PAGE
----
Charlotte Metcalf rounds up this summer’s ‘glamping’ options in the UK
After its sell-out launch last year, Camp Bestival won Best New Festival Award 2008 and is back this year with even more glamping options. Rob da Bank, Isle of Wight-based DJ and promoter of the various ‘Bestivals’ throughout the year, has been convinced of camping’s popularity for a long time.
‘My wife coined the phrase “boutique camping” six years ago,’ he says. ‘People like camping because it’s so easy with the kids. More and more people are holidaying in Britain and we’re expecting about 10,000 at Camp Bestival this year. It’s been a huge success because there’s such a family vibe.’
There are two campsites at Camp Bestival. For glampers there is the Boutique Campsite, offering a range of exotic accommodation: Mongolian yurts, tipis, podpads, bellpads, gypsy caravans and wooden huts with fitted carpets and solar power. For £60 you can hire extra furnishing: sheepskins, cushions, rugs, low tables and lanterns.
The music ranges from tried and tested favourites like Kid Creole & The Coconuts and Will Young to PJ Harvey and Chic, plus DJs including Rob da Bank himself. There’s also Hugh Fearnley-Whittingstall’s River Cottage Café.
‘What’s really made Camp Bestival popular is that we’ve really thought about kids,’ says Rob. Camp Bestival provides a Kids’ Garden with the usual face-painting, bouncy castle and donkey rides, but also a circus big top, a dressing-up tent complete with catwalk, a children’s bookshop, a Punch & Judy show and an insect circus and museum. Also featuring this year are the well-known children’s characters Angelina Ballerina, SpongeBob SquarePants and Mr Tumble. There’s even the pioneering ‘Breastival Mother and Baby Temple’.
‘We’re basically making it fun and easy for people to take in a festival as part of an all-round family holiday,’ says Rob.
24-26 July, Lulworth Castle, Dorset
Feather Down Farms
City dwellers looking to experience the real countryside without taking the cramped and soggy tent route need look no further than Feather Down Farms. It is the brainchild of Dutchman Luite Moral, who brought his winning formula to Britain five years ago. Moral’s cleverness is to combine comfort with authentic country life, and Feather Down is the only organisation that builds all its campsites on working farms at 22 sites around the country.
I stayed at Hollings Hill Farm at the foot of the Malvern Hills. Here there are just seven tents — but ‘tent’ is an understatement for these generous canvas structures on solid decking, which boast a bunk-room, a double bedroom and double canopy bed, a flushable loo and a living room with a dining table, wood-burning stove and a sink with running water.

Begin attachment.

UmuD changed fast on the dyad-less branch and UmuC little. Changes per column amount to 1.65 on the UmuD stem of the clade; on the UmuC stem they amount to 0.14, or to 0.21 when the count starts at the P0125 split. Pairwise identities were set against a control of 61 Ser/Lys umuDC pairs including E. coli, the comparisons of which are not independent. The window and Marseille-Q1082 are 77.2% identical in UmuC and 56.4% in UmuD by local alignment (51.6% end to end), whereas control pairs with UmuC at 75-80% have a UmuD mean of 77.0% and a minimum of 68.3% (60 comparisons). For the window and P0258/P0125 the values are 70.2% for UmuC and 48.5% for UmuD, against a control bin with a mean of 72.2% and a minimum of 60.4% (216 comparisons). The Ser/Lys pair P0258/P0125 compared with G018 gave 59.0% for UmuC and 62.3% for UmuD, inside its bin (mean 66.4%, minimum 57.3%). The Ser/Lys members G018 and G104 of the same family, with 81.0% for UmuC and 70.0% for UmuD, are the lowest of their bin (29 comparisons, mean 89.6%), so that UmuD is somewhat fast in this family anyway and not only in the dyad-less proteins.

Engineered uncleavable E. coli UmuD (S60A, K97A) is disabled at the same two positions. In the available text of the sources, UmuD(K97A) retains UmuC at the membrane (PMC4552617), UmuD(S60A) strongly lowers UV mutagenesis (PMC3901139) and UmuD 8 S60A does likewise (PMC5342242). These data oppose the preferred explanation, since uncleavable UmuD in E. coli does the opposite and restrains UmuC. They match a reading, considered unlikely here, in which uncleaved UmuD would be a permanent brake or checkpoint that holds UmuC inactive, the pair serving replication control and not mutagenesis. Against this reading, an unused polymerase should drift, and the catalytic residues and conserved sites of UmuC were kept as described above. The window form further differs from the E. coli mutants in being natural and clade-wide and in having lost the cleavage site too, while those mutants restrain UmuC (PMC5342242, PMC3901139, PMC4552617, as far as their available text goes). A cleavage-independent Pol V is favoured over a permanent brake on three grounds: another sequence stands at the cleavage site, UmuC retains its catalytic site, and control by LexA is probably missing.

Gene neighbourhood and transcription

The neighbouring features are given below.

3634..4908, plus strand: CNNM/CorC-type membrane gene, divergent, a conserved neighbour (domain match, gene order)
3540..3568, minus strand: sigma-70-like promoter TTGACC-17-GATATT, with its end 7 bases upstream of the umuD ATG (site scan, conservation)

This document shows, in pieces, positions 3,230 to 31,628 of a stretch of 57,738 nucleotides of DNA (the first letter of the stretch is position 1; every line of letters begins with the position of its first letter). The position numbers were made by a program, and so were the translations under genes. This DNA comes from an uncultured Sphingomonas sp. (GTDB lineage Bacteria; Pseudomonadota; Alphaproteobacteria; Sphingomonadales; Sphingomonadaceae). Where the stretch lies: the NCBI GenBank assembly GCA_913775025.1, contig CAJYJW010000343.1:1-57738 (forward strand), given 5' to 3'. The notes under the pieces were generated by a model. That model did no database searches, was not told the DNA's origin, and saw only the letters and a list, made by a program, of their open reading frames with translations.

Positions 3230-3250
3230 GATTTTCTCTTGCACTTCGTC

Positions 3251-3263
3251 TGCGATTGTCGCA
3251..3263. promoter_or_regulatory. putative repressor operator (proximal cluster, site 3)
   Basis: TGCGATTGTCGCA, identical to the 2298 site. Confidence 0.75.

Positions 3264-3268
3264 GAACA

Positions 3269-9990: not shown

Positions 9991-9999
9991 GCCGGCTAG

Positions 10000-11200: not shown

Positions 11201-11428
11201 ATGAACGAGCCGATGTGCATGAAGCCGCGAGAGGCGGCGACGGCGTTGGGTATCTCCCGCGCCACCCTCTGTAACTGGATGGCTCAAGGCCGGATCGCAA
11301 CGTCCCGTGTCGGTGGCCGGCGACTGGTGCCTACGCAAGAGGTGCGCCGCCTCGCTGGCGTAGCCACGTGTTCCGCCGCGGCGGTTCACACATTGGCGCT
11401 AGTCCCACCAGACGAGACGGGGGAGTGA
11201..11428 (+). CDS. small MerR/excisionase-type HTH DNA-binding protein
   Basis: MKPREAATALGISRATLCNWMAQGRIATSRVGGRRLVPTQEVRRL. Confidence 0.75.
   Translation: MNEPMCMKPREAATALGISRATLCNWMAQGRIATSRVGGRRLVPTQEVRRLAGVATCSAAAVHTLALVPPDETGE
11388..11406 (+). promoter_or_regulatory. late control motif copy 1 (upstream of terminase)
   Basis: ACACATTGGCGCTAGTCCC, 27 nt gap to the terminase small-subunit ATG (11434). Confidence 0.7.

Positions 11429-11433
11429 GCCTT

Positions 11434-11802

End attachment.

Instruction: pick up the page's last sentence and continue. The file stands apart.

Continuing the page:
There are plenty of oil lamps and candles to compensate for having no electricity; laptops and charging your mobile phone are not what this place is about.
Fay, the farmer’s wife and mother of four, takes us round the farm and children’s squeaks of urban angst turn to squeals of delight as they are licked by newborn calves or help Austin, the farmer, with the milking: there are 270 Friesian dairy cows here. Later, in the shop next to the farmhouse kitchen, I purchase tea, coffee, bacon, eggs, creamy milk fresh from the farm and a bottle of decent chilled Sauvignon.
In the next-door field to my tent, four horses huddle Stubbs-like round a tree and geese waddle past my outdoor stove on which bacon is sizzling nicely. Fay’s four-year-old daughter arrives with a wheelbarrow full of kindling. All I can hear are birds singing and the occasional laughter of children from the nearest tent — some 50 yards away. For urbanites with children, this is a gentle introduction to camping, farming and country life, guaranteed to delight.
Normally the word ‘safari’ conjures up images of the African bush rather than the gentle Sussex Downs, but now Safari Britain is offering luxury camping in huge yurts and bell tents in the South Downs National Park.
Just like any self-respecting African safari, Safari Britain provides expert guides. But in this case they are foragers, gamekeepers, ornithologists and botanists. They will take you foraging for wild food and hunting with falcons. They will teach you about birdsong, butterflies, insects and how to spot rare downland flowers or a shy barn owl. They will even show you how to cook and prepare game for the pot, and typical menus are likely to include snails, rabbit or squirrel stew and elderflower fritters.